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Spokane, Washington  Est. May 19, 1883

Carolyn Hax: In-laws favor one child’s family

Washington Post

Dear Carolyn: My husband’s parents favor their daughter and her children over my family and his brother’s family. Their daughter is aware of it and brags about it – “I’m Daddy’s favorite, so I get to park in the driveway.” This is a grown woman in her 40s. She claims constantly that she has no money, when she and her husband make more money than my family and my husband’s brother’s family. We all live on a tight budget. They have multiple flat-screen televisions, computers and fitness equipment. And yet my husband’s parents constantly give her money and their credit cards. We live five minutes away from my husband’s parents, yet we never see them. They travel 40 minutes on a weekly basis to see their daughter and her family for whatever reason.

We have tried to spend more time with them. For example, we invited them to a Memorial Day picnic, and they accepted. But when they found out their daughter didn’t have plans, they canceled on us to spend time with her. This behavior leads to hurt feelings for me and my husband’s brother’s wife.

It doesn’t seem to bother my husband as much. He thinks it is wrong but, frankly, I think he is used to it because he grew up that way.

I tried to blow it off and accept it, but now my children are older and they see the favoritism.

I have approached my husband’s parents twice, and they defend why they feel they need to “help” their daughter, even though I explained that giving her money all the time isn’t helping her. How do I handle it and protect my children in the process? – Tired of Favoritism

Oh my goodness, just stop, please. Stop trying to get better treatment. Stop believing that you are owed better treatment.

Stop serving your kids up to these people just to be treated as second-best. Stop taking it personally that your in-laws are twisted.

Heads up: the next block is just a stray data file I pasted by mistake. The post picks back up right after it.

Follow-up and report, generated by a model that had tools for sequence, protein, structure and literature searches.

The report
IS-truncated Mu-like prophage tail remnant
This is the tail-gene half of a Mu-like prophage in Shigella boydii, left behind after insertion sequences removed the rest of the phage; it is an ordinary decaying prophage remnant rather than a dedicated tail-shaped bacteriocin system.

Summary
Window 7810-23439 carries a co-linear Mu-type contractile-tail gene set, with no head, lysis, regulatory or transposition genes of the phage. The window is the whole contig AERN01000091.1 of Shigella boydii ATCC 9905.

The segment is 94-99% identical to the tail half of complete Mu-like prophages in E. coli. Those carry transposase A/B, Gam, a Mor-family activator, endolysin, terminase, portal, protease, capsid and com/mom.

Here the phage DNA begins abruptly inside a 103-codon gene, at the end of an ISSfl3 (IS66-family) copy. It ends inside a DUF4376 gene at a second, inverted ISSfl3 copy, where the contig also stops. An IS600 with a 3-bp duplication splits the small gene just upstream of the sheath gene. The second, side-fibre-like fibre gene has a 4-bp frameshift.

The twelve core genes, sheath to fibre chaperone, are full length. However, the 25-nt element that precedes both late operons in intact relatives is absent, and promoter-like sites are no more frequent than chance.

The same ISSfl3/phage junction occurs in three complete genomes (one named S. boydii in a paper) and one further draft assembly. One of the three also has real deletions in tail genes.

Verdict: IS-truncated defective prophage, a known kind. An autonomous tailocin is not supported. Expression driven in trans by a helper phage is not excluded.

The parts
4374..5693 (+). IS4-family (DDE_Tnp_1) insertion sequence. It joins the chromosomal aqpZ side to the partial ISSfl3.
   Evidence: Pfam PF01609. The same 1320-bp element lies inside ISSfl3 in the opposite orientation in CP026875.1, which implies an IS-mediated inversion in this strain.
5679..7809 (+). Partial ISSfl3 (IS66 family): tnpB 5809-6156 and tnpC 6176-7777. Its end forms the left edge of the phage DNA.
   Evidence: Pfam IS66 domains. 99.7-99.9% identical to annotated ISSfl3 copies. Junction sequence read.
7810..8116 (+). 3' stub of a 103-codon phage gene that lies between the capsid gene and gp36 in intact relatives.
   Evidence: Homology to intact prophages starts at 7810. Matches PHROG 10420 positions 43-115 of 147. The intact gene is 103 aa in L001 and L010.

Stop bean-counting TVs and treadmills. Stop banging your head against a wall. Stop teaching your kids that banging their heads against a wall is an appropriate way to handle a problem. Staaaaaaaaahp.

Your kids are indeed getting shortchanged on grandparents. That stinks. It’s not fair. It’s a stupid way for your in-laws to behave.

But none of these facts of sympathy will change anything about the reality of your in-law situation. So instead of trying to change that reality – an effort that has long since proven itself to be futile, by your own description – please start working with your reality to construct a healthy environment for your kids.

Plan things with people who love and appreciate your family. Your fellow-outcast brother- and sister-in-law are a fine place to start.

Stay cordial with your in-laws but don’t go out of your way and don’t expect anything from them.

With your husband, prepare honest, age-appropriate answers to your kids’ questions about their grandparents: “I’m sorry too that Grandma and Grandpa aren’t here.” “Daddy does love them, though they don’t have a close relationship – that was true long before you guys were born.” Let your kids ask follow-up questions, and use “I believe … ” to frame your answers to make room both for different perceptions and for your kids to think for themselves.

It is a hard line to walk, where you tell the truth of someone’s limitations without vilifying them. And you don’t want to vilify them of course because people are complicated, families even more so, and for all you know your kids could form their own relationships with their grandparents down the road.